In a Station of the Metro

Finally, for those who don’t get the reference (I didn’t), the title is taken from the Ezra Pound poem In a Station of the Metro. The full poem is as follows:

The apparition of these faces in the crowd:
Petals on a wet, black bough.

Perfect for a novel in which people catch elusive glimpses of each other on the subway, and generally just a lovely piece of imagist poetry. Gorgeous and clever. I like Pound but I didn’t know that poem (famous as it apparently is) and I’m delighted to have discovered it.

 

Edit to add reviews by Grant here and by Rough Ghost here.

Further edit: I’d also bookmarked this review to link to, by Shigekuni. It’s more critical than mine if anything and among other interesting points picks up some translation issues which  it’s worth looking at for. The final paragraph is punchy:

“An interesting book, yes, but Luiselli’s book reads like the endlessly well crafted artifact of a critic-turned-writer, although I don’t know whether that is, indeed the case. It is not enough to say this book is overdetermined. It is, in fact, so painstakingly worked that it barely resembles prose any more in its density and lack of narrative or emotional energy. It resembles a baroque poem, written to impress with its craft, to delight an appreciative audience. Only that, for a poem, Luiselli’s – or, more precisely, MacSweeney’s – language is too vague for this book to dazzle. I think Luiselli got lost in the house of her own mind and construction and this book is the result.”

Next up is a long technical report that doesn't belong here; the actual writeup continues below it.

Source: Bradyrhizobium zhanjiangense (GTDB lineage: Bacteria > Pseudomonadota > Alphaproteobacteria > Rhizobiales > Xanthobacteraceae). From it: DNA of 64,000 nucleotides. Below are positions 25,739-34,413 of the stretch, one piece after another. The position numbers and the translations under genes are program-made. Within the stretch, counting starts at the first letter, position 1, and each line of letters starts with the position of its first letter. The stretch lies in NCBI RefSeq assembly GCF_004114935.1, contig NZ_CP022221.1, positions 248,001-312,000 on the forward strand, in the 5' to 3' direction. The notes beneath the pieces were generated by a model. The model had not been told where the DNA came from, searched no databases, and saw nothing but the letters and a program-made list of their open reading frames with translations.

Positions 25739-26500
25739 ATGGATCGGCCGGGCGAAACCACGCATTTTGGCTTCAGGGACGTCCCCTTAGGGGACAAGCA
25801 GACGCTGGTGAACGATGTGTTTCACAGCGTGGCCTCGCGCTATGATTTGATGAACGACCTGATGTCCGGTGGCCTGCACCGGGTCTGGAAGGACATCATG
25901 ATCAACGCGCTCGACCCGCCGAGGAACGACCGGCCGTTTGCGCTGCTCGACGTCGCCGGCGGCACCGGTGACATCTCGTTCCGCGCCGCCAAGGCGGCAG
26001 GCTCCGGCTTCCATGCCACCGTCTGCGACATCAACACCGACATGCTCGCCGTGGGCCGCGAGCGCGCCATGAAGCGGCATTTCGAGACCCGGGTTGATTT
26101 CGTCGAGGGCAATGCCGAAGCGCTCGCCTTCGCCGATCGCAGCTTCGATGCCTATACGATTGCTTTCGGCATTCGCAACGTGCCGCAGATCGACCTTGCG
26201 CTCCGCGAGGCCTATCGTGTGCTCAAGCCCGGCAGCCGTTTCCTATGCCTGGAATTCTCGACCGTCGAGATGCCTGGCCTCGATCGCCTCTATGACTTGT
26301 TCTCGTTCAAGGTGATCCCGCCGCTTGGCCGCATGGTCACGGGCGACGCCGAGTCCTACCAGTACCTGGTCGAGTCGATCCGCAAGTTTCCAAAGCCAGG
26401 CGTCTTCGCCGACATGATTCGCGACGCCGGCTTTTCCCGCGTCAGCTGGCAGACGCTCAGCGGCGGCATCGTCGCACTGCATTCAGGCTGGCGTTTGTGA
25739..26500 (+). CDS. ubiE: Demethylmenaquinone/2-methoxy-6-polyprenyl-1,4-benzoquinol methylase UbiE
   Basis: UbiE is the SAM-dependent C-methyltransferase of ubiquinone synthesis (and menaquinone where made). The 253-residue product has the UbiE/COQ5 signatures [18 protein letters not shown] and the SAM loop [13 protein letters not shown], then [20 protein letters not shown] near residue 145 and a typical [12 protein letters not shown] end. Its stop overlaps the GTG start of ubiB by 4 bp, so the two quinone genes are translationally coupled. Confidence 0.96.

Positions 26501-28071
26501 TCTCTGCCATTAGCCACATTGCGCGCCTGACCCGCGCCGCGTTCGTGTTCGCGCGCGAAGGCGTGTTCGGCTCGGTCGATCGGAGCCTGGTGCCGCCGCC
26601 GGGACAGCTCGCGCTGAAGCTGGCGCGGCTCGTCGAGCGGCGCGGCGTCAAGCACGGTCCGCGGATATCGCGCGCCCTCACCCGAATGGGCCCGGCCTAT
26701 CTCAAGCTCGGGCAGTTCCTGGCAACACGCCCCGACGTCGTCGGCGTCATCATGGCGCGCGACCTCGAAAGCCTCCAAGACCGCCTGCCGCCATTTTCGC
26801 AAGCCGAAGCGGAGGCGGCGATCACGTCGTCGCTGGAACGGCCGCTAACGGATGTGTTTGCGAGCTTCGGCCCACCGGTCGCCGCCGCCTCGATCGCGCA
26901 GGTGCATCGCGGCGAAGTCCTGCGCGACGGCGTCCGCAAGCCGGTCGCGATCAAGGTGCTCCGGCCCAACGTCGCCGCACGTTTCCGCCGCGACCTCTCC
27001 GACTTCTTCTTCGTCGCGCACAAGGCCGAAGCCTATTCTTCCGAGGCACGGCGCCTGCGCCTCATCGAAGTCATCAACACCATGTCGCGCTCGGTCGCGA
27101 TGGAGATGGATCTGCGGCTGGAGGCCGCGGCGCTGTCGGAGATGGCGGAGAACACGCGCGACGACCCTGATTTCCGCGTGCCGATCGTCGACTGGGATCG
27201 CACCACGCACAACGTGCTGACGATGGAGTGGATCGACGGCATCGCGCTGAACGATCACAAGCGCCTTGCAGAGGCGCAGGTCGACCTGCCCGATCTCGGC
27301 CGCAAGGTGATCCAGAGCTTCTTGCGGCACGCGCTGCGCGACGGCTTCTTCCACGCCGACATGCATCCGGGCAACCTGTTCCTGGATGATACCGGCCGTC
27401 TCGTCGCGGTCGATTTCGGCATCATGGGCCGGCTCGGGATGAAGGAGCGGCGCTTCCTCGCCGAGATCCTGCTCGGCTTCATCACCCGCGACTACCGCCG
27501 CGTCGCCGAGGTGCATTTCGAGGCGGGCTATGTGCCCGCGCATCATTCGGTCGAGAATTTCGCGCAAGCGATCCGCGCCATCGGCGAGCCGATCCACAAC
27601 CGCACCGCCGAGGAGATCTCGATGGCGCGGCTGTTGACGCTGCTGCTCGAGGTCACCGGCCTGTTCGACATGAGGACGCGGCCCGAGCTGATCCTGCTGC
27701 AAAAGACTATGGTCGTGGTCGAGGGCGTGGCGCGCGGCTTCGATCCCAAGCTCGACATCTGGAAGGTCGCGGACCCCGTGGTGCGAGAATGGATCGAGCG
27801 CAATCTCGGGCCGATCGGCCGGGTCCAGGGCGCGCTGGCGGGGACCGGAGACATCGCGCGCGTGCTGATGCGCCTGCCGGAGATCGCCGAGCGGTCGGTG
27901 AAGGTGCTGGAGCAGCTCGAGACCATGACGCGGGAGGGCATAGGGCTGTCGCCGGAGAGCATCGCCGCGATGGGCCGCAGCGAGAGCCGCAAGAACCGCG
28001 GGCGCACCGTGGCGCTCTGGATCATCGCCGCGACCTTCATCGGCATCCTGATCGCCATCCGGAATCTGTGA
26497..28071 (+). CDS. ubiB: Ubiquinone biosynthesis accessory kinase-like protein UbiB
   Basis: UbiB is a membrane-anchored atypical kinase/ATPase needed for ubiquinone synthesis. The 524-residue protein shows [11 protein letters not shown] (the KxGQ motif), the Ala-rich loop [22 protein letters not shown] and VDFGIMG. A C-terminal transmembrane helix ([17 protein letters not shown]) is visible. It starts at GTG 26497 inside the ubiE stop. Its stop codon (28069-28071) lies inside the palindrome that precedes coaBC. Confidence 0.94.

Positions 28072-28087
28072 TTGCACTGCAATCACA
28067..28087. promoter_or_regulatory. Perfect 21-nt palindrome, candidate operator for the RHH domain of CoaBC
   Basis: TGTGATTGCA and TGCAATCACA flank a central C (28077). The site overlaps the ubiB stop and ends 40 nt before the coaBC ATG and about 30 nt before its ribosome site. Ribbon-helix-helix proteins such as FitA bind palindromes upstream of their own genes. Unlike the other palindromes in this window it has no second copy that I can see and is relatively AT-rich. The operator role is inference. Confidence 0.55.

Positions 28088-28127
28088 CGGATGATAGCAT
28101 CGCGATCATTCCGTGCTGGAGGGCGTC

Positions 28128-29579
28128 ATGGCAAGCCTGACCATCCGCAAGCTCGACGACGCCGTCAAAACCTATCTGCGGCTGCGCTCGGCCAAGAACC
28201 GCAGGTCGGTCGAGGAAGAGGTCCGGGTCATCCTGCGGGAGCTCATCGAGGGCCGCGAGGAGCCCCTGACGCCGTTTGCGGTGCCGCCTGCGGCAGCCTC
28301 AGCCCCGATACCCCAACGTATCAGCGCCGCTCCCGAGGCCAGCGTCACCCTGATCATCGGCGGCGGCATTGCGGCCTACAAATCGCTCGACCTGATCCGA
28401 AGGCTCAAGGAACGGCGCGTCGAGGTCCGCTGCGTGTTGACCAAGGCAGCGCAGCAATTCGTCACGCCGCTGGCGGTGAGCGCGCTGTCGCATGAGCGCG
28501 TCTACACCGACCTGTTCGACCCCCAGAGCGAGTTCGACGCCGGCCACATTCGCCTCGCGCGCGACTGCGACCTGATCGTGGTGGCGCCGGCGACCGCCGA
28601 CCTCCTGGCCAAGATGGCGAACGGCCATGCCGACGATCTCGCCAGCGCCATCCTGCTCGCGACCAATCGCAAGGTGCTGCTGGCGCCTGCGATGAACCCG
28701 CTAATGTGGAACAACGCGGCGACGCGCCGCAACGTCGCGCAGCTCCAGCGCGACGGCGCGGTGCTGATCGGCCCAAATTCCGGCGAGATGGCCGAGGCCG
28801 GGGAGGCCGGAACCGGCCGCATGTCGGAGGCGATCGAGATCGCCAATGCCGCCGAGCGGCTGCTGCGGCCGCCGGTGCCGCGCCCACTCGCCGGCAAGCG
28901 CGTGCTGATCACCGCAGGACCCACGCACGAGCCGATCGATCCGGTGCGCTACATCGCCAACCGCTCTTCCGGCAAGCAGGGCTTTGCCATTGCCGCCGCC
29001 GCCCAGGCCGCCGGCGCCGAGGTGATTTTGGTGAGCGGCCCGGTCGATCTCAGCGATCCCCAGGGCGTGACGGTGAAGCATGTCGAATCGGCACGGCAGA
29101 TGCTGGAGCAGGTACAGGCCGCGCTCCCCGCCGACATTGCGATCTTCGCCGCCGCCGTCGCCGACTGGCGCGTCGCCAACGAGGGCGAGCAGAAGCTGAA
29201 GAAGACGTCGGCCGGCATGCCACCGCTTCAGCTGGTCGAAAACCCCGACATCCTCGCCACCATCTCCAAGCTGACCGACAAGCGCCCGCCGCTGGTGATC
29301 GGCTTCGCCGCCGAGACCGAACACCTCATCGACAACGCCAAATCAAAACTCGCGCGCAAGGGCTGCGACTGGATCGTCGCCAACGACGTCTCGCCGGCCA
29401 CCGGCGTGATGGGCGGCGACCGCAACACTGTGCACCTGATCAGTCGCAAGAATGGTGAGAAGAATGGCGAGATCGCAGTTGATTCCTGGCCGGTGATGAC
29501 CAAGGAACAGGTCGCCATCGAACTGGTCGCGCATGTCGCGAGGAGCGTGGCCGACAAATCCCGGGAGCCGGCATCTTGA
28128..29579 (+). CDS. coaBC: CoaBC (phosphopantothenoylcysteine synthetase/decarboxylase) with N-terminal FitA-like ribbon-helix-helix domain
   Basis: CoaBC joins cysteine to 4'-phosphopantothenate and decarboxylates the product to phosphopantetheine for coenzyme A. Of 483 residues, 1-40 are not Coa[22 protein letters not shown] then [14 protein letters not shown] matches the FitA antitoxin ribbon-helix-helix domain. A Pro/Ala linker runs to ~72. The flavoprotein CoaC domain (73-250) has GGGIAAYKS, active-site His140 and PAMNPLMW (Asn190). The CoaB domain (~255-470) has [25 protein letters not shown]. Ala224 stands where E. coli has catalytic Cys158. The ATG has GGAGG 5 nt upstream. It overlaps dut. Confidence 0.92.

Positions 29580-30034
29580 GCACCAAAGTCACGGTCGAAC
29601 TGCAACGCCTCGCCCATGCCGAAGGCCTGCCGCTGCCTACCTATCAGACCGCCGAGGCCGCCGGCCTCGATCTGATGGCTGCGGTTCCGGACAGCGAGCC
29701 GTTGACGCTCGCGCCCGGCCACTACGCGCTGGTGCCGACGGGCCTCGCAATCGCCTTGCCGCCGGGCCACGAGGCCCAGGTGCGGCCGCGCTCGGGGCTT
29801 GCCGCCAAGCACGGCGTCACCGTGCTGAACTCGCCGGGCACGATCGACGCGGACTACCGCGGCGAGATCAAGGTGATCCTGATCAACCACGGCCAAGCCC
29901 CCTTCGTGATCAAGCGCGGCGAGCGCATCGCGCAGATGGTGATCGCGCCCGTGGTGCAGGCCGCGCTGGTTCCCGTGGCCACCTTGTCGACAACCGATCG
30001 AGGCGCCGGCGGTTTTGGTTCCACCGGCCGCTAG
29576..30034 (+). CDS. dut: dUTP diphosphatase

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Filed under Luiselli, Valeria, Mexican fiction, Spanish

She had a kind heart, though that is not of much use when it comes to the matter of self-preservation.

The Bookshop, by Penelope Fitzgerald

Penelope Fitzgerald’s The Bookshop is one of the finest books I’ve read this year. I fully expect it to be on my end of year list.

It’s a (possibly semi-autobiographical) novel in which the respectably middle-aged Florence Green uses her small funds to open a bookshop in the small seaside town of Hardborough in Suffolk.  It proves a more challenging task than she anticipates.